We found a new way to support our Non-Profit Literacy Partners

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Great news!  As you probably already know, promoting literacy has always been woven into the fabric of our business.  Now we’re delighted to announce we’ve given an ownership stake to our non-profit literacy partners.   Yup…we’ve granted Incentive Stock Options to these partners – as far as we know, a first for social enterprise.

The purpose of the plan, put together with the help of our primary investor, Good Capital, is to ensure that our literacy partners can have a stake in and share in our financial success.

We’ve put aside roughly 5% of the company for use in stock option grants to an initial group of five literacy partners (with potential to add others in the future):  Books for Africa, Invisible Children, Room To Read, WorldFund and the National Center for Family Literacy.

One of our fearless leaders Xavier Helgesen puts it best:  “We created Better World Books to show that it is possible to do good while at the same time run a successful company.  Our literacy partners are essential to our mission, and we want them to flourish.  Today’s announcement ensures that as our company grows, our partners will too.”

Check out the press release to get all the details. Or read more about it at Change.org.

3 Comments

  1. so once again corporate america benefits on the back of good deeds. not surprising.

  2. I think it’s more like corporate America benefiting while still managing to do good deeds. The bottom line is that we are giving away part of the company in an effort to benefit our non-profit literacy partners. As stock option holders, our literacy partners will benefit as the value of the business grows.

    Here are the details. Our non-profit literacy partners must earn these stock options by meeting their literacy goals. The nature of an option is the right-to-purchase shares at the current price (a.k.a. strike price – a low price per share) at a future date (when there is a high price per share). So the value of their right-to-buy will grow as Better World Books grows since the strike price never changes.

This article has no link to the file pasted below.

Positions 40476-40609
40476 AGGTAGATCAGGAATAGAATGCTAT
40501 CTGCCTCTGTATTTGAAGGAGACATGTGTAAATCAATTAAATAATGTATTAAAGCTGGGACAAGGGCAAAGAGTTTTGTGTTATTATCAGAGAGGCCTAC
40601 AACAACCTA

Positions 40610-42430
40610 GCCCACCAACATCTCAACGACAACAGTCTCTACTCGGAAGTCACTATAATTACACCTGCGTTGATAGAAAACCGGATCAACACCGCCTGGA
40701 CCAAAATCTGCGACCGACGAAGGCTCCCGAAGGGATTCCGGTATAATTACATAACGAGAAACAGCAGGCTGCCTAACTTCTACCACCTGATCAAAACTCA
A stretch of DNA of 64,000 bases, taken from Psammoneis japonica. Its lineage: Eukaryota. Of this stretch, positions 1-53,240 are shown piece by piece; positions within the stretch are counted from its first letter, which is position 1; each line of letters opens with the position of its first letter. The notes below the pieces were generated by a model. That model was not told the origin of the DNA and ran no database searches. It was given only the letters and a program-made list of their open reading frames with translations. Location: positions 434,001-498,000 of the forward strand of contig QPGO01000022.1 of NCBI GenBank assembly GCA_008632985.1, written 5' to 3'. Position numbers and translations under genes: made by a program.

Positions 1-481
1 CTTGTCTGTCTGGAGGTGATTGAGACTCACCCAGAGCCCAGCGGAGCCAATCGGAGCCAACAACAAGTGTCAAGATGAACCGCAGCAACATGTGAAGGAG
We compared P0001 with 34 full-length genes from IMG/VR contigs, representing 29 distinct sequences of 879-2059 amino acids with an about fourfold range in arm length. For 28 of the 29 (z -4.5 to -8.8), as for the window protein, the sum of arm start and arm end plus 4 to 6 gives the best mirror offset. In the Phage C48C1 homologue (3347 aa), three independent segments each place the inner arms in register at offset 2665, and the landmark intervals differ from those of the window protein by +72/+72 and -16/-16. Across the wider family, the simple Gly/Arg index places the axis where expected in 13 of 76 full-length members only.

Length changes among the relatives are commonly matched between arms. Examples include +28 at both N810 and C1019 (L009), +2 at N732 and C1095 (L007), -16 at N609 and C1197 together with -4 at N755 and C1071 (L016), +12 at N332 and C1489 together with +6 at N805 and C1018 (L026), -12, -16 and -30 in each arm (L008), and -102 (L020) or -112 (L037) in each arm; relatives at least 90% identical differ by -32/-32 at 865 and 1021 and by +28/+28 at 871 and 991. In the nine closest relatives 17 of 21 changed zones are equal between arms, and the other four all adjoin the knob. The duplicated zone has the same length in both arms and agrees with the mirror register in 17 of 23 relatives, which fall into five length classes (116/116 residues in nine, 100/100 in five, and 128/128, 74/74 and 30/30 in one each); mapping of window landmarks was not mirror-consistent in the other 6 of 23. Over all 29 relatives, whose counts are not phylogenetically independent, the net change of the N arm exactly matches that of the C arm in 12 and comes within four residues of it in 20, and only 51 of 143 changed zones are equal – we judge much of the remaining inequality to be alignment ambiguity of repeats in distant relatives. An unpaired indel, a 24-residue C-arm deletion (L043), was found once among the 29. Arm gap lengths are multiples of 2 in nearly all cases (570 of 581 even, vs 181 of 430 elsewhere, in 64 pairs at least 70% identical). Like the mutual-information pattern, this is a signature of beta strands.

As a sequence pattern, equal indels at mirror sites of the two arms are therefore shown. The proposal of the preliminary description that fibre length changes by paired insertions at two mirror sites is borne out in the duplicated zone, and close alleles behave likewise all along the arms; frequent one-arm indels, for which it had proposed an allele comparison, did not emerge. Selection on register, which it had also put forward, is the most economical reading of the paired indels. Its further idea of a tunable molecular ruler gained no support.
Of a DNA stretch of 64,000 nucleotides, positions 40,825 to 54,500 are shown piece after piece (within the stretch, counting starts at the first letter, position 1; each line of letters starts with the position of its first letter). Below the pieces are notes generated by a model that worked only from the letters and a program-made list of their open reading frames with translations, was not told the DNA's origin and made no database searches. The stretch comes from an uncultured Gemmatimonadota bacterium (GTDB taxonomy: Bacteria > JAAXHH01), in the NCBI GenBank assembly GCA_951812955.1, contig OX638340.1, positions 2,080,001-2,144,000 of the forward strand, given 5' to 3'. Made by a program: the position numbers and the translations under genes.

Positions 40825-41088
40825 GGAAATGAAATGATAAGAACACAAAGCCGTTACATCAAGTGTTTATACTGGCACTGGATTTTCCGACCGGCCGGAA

To be clear, we are GIVING UP part of our company so that our non-profit literacy partners will benefit as the value of the business grows. To Katie’s point, if big business ever tried to purchase BWB, this would act to preserve our mission, or at worst result in a windfall for our literacy partners.

  3. Sounds like it’s safe to assume that the strike price is so high that there is no reasonable chance that the non-profit partners will ever exercise those options. If that weren’t the case, I’m sure we’d be hearing about it.

    Put another way, did you remember to include the values of those options on your balance sheets? How much were they? Would you offer to buy back those options in cash at that price?

    Those are the only relevant details, none of which are contained in the press release. That’s why it’s simply a PR move and not a real donation.

    Besides, as noted in the “IAQ”, those profits (underlying said shares underlying said options) are at least partially gained by selling donated materials. I think that’s Katie’s main point, and I think it’s valid.

    B Corp isn’t quite doing its job, and shareholders should be concerned about the reputational risk BWB is generating, specifically through its shady campus acquisitions– how will BWB continue to be profitable once donors wise up?

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